Nystatin

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Contents

[edit] BRAND NAMES

[edit] STRUCTURE

Nystatin.jpg

[edit] MECHANISM OF ACTION

Nystatin is a polyene antibiotic with fungistatic and fungicidal activity, nystatin acts by binding to ergosterol and forms cytotoxic pores in cell membranes of susceptible candida species with a resultant change in membrane permeability allowing leakage of intracellular components.

Nystatin is absorbed very sparingly following oral administration when given in the recommended doses. The minimal absorption from oral dosage forms may however, be sufficient to provoke an allergic reaction in hypersensitive patients. No detectable blood levels are obtained following topical or vaginal applications

[edit] INDICATIONS

  • Drops: Oropharyngeal/Esophageal Candidiasis (Thrush)
  • Tablets and capsules: Intestinal candidiasis
  • Vaginal tablets/suppositories/cream are used for Vaginal candidiasis
  • Topical cream is used for superficial candidal infections of the skin
  • Preventative treatment in people who are at risk for fungal infections, such as AIDS patients and patients receiving chemotherapy
  • Preventative treatment in extremely low birthweight infants (<1000g) in neonatal intensive care units with high baselines of fungal infection

[edit] DOSAGE

  • Intestinal candidiasis: Usual dosage - 500,000 to 1 million units (1 to 2 tablets or capsules) three times daily. Treatment should generally be continued for at least 48 hours after clinical cure to prevent a relapse.
  • Oral candidiasis:
    • Infants, children and adults - 1 mL (100,000 units) of Nystatin drops, four times daily. The dose should be administered under the tongue or in the buccal cavity and held in the mouth and swirled around as long as possible before swallowing. Treatment should be continued for seven to 10 days and at least 48 hours after symptoms have disappeared and cultures are returned to normal.
    • In immunocompromised patients, higher doses, for example 500,000 units 4 times daily may be needed. However, the use of alternate antifungal (Fluconazole) is preferred for the treatment of oral thrush in patients with immunosuppression.

Topical cream: Apply liberally to affected areas twice daily or as indicated until healing is complete.

Vaginal cream: The usual dosage is one full applicator of cream (5 g) inserted high in the vagina, once or twice daily. In most cases two weeks of therapy will be sufficient but more prolonged treatment may be necessary. It is important that therapy be continued during menstruation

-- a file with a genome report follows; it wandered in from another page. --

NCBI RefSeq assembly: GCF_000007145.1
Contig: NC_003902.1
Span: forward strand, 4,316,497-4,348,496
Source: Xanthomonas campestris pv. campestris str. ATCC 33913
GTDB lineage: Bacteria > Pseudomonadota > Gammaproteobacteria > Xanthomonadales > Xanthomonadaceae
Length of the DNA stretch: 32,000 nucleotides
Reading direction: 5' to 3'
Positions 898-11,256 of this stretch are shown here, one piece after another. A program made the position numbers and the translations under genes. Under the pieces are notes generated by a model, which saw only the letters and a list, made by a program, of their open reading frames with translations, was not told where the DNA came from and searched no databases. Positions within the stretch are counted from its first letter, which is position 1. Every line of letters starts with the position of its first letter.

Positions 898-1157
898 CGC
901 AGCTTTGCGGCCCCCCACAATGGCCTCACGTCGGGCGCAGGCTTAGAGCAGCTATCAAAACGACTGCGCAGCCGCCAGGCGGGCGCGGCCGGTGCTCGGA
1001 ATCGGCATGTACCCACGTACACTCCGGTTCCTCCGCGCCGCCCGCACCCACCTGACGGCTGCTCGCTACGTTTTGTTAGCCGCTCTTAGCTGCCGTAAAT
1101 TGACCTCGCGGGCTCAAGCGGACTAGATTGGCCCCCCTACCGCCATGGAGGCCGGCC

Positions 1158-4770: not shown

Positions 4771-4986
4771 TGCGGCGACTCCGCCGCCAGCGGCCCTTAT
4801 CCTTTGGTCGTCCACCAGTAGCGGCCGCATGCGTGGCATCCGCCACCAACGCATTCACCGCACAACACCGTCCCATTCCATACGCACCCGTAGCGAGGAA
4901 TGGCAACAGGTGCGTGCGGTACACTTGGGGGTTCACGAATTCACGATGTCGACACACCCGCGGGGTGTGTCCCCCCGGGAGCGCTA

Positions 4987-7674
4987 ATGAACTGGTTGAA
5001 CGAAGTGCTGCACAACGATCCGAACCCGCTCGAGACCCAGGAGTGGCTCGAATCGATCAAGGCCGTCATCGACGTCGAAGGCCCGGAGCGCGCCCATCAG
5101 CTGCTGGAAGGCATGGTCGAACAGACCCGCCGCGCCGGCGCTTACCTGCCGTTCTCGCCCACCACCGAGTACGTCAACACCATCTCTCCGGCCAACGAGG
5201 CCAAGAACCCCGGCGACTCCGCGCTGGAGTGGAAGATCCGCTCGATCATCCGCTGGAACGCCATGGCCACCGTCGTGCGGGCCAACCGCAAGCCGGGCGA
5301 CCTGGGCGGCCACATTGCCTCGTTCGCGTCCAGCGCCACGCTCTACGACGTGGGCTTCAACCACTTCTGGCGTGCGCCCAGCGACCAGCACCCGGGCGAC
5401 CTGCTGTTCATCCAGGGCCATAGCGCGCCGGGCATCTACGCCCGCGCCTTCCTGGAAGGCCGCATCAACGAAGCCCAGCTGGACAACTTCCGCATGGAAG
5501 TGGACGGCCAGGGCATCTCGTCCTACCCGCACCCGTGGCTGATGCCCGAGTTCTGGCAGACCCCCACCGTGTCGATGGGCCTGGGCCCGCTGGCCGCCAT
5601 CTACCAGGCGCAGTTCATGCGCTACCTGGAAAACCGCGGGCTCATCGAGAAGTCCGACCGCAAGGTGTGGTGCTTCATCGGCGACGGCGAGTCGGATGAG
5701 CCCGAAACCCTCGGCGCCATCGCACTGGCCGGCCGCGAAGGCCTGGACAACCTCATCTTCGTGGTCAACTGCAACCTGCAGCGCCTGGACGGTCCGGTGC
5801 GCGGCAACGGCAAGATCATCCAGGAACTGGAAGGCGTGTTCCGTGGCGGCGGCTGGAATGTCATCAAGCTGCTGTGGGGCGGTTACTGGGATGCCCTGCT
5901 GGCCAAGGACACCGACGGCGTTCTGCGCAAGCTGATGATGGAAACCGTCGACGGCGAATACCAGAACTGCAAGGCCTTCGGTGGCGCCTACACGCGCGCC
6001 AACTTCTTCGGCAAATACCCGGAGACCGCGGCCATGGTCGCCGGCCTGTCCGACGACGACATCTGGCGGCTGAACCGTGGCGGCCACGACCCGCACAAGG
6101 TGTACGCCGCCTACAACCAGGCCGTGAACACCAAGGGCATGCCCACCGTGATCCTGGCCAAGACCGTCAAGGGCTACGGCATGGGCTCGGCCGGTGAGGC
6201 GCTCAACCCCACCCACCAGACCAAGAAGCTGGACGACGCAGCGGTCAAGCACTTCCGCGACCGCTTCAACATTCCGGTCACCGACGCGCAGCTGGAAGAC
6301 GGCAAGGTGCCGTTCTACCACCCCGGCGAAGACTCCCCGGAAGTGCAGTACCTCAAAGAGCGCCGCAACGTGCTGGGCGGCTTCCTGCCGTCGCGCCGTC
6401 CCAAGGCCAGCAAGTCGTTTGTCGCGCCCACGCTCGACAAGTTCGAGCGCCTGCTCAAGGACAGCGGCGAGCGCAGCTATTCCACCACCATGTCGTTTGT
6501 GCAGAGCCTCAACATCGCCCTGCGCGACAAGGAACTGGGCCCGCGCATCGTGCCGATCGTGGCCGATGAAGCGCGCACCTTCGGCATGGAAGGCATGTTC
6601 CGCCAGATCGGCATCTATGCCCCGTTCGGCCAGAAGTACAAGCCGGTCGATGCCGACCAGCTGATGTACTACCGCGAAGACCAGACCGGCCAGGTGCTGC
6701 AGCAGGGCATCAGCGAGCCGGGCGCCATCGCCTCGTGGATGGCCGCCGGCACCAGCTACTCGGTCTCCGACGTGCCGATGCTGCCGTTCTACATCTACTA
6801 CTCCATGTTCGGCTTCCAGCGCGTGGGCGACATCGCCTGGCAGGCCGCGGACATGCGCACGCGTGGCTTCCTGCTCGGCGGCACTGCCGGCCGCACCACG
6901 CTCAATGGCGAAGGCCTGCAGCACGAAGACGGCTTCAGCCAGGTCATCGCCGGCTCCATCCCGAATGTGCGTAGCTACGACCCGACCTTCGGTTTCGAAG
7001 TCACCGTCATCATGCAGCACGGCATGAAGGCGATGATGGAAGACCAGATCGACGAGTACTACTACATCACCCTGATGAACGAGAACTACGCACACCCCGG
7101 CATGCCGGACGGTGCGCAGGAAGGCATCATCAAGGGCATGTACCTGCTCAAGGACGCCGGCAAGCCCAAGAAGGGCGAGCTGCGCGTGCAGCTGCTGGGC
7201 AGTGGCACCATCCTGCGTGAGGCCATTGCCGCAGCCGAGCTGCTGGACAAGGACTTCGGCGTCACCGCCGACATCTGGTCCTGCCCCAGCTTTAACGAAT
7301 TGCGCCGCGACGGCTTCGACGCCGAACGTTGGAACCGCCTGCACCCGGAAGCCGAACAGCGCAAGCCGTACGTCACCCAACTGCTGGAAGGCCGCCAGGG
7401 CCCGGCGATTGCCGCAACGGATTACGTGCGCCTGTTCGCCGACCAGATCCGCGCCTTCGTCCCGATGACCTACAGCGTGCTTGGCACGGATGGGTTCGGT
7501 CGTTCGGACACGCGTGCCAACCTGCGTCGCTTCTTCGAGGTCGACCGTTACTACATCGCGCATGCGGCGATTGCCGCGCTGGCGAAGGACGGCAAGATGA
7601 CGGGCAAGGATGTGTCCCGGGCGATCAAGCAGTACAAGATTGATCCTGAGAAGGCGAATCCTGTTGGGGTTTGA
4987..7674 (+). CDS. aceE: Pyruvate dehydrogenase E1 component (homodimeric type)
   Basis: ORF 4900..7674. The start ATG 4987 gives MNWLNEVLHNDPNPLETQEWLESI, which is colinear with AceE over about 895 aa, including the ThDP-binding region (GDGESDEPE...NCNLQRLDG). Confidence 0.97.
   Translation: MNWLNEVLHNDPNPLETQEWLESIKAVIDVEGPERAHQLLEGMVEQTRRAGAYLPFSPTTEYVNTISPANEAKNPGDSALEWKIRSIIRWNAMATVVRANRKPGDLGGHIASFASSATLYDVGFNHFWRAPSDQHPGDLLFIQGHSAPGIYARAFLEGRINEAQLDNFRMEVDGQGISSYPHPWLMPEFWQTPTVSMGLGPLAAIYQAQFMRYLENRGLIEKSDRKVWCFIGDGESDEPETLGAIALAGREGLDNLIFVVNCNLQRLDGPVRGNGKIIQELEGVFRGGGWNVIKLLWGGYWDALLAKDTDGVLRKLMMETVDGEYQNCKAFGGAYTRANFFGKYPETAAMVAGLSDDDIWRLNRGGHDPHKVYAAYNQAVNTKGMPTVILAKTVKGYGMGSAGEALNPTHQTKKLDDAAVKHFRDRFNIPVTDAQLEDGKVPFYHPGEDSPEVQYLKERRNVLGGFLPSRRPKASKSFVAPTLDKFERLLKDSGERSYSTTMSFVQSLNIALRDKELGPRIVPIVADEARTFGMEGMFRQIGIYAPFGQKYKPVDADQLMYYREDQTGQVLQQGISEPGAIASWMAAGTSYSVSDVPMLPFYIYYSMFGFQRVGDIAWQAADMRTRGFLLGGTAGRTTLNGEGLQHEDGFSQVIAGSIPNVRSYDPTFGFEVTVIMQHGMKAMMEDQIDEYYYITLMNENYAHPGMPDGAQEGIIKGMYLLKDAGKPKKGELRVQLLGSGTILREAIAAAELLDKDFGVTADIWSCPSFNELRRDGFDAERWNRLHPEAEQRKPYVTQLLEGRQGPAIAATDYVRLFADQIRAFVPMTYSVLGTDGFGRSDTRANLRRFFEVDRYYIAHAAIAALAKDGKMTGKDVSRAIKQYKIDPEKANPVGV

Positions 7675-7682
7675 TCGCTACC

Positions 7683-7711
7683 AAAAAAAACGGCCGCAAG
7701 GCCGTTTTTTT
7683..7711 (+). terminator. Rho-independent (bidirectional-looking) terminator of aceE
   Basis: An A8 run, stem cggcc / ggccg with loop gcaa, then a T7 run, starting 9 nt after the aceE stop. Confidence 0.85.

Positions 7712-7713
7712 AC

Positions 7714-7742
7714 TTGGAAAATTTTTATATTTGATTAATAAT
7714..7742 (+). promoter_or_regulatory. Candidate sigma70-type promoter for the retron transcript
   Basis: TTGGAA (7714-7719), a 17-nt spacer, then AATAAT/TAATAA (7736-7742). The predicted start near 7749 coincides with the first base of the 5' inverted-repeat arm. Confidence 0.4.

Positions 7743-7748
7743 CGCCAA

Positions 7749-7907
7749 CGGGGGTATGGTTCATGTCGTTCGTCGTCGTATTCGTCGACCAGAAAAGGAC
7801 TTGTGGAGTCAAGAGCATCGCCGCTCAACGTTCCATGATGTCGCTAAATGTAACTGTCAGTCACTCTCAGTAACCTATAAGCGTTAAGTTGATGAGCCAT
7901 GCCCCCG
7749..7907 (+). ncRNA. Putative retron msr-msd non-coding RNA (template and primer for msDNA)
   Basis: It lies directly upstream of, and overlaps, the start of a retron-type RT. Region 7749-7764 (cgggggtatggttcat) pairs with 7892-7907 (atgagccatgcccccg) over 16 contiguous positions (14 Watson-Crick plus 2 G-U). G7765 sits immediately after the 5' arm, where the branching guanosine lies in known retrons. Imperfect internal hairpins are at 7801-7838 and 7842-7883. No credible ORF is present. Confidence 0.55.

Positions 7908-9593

[edit] CONTRAINDICATIONS

Known hypersensitivity to Nystatin.

[edit] PRECAUTIONS

  • If irritation or sensitization develops, treatment should be discontinued.

[edit] PREGNANCY AND LACTATION

Pregnancy Category A (AU)

Pregnancy Category C (US): Although no adverse effects or complications have been reported in infants born to women treated with Nystatin, this preparation should be administered to pregnant women only if clearly needed.

Lactation: Not known if excreted in breast milk; use caution

[edit] SIDE EFFECTS

Oral forms: Nystatin is virtually non-toxic and non-sensitizing, and is well tolerated by all age groups, including debilitated infants.
Nystatin may cause nausea and, at higher doses (exceeding 4-5 million units) diarrhea, gastrointestinal distress, and vomiting. Rash, including urticaria, has been reported rarely. Stevens-Johnson syndrome has been reported very rarely. Hypersensitivity and angioedema, including facial oedema, have been reported.


Topical Cream: Local irritation and sensitization (including: rash, dermatitis, pruritus, and burning) have been reported. If irritation on topical application should occur, discontinue medication.

Vaginal tablets may cause itching, soreness or redness of the vagina.

[edit] RELATED LINKS

Nystatin mode of action
Vaginal yeast infection - What is it and how is it treated?
How to Treat Oral Thrush in Newborns

[edit] BIBLIOGRAPHY

[edit] REFERENCES

Antifungals
Ergosterol target : Cell membrane target Azoles (lanosterol 14 alpha-demethylase inhibitors) : Ergosterol inhibitors Imidazoles Topical: Bifonazole   Clotrimazole   Econazole   Fenticonazole   Ketoconazole   Isoconazole   Miconazole   Sertaconazole   Tioconazole
Triazoles Topical: Fluconazole   Terconazole
Systemic: Fluconazole   Itraconazole   Posaconazole   Voriconazole
Polyene antimycotics (ergosterol binding; they form pores in the membrane) Topical: Nystatin
Systemic: Amphotericin B
Allylamines (squalene epoxidase inhibitors) : Ergosterol inhibitors Topical: Amorolfine   Naftifine   Terbinafine
Systemic: Terbinafine
Echinocandins (β-glucan synthase inhibitors) : Cell wall target Anidulafungin   Caspofungin   Micafungin
Pyrimidine analogues / Thymidylate synthase inhibitors : Nucleic acid inhibitors Flucytosine
Mitotic inhibitors Griseofulvin
Others Ciclopirox